About Claud Ashton Jones
Rear Admiral Claud Ashton Jones (October 7, 1885 – August 8, 1948) was a Rear Admiral in the United States Navy, and a Medal of Honor recipient.
Born in Fire Creek, West Virginia, he graduated from the Naval Academy in 1906, and after several years of duty at sea, did graduate study leading to a master of science degree at Harvard University.
He was awarded the Medal of Honor for his heroism while serving as engineering officer on USS Memphis (CA-10) when his ship was wrecked by a tsunami off Santo Domingo City August 29, 1916. Most of his remaining service was in engineering billets ashore and afloat, with a tour of duty as assistant naval attache at London.
As Rear Admiral from October 9, 1941, he served in the Bureau of Ships throughout World War II, working in the shipbuilding program, and as an assistant chief of the bureau. For his exceptionally meritorious service he was awarded the Legion of Merit.
Rear Admiral Jones died in Charleston, West Virginia, August 8, 1948. He is buried in Arlington National Cemetery Arlington, Virginia. His grave can be located in section 11, lot 546-SS.
The ship USS Claud Jones (DE-1033) was named for him, the lead ship of four, of a class of ocean escorts.
The Claud A. Jones Award is an award presented annually by American Society of Naval Engineers since 1987 to a fleet or field engineer who has made significant contributions to improving operational engineering or material readiness of the maritime forces of the United States.
Medal of Honor citation
Rank and organization: Commander, United States Navy.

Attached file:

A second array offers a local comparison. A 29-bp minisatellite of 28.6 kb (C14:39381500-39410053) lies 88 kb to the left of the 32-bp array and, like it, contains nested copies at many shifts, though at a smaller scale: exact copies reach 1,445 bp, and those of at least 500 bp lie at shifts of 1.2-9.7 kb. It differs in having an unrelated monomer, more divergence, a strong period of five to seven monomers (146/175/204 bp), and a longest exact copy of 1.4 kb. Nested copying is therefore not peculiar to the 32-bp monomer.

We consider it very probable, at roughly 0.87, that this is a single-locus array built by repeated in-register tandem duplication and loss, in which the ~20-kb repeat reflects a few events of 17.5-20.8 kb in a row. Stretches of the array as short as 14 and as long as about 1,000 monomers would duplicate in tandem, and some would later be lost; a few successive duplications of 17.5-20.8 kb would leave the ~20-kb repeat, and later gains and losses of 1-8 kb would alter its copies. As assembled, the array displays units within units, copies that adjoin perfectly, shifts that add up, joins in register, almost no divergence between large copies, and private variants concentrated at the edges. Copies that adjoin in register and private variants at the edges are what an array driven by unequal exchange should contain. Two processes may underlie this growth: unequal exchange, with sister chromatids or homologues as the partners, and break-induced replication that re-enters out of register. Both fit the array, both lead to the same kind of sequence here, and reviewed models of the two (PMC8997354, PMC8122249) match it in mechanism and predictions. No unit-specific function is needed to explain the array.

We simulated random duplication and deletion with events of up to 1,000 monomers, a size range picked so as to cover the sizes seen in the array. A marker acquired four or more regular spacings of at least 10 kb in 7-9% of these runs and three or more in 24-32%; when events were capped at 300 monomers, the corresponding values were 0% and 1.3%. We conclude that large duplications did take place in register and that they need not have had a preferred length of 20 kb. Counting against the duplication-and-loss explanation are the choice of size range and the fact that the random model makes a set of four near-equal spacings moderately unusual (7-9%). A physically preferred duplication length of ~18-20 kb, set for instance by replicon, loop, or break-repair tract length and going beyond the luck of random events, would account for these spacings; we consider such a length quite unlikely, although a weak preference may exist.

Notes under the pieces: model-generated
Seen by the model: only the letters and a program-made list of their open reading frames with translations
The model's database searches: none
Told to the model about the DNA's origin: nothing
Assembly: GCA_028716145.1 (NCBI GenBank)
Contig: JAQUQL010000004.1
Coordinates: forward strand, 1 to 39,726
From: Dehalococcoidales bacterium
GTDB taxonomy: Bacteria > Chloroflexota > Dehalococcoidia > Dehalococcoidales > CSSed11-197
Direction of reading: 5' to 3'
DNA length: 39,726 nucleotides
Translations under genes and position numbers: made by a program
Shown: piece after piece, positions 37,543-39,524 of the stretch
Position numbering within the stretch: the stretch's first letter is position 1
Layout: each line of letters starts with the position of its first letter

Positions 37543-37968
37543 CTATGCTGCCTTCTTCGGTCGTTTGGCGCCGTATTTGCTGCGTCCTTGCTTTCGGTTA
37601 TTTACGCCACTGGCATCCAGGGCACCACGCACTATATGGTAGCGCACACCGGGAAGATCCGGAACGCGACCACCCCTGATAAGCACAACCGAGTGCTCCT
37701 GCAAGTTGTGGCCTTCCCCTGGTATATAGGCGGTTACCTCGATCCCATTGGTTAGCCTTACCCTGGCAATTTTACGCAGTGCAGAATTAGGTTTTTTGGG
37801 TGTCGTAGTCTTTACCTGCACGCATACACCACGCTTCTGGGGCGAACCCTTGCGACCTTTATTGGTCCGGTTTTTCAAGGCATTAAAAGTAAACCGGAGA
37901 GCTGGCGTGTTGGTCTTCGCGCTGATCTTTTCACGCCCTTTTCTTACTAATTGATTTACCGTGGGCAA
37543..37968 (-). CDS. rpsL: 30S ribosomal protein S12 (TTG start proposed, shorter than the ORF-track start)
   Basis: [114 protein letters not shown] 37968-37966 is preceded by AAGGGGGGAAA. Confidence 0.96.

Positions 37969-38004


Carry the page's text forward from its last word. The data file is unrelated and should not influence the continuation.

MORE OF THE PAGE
Born: October 7, 1885, Fire Creek, W.Va. Accredited to: West Virginia. (August 1, 1932.)
For extraordinary heroism in the line of his profession as a senior engineer officer on board the U.S.S. Memphis, at a time when the vessel was suffering total destruction from a hurricane while anchored off Santo Domingo City, August 29, 1916. Lt. Jones did everything possible to get the engines and boilers ready, and if the elements that burst upon the vessel had delayed for a few minutes, the engines would have saved the vessel. With boilers and steampipes bursting about him in clouds of scalding steam, with thousands of tons of water coming down upon him and in almost complete darkness, Lt. Jones nobly remained at his post as long as the engines would turn over, exhibiting the most supreme unselfish heroism which inspired the officers and men who were with him. When the boilers exploded, Lt. Jones, accompanied by 2 of his shipmates, rushed into the firerooms and drove the men there out, dragging some, carrying others to the engineroom, where there was air to be breathed instead of steam. Lt. Jones' action on this occasion was above and beyond the call of duty.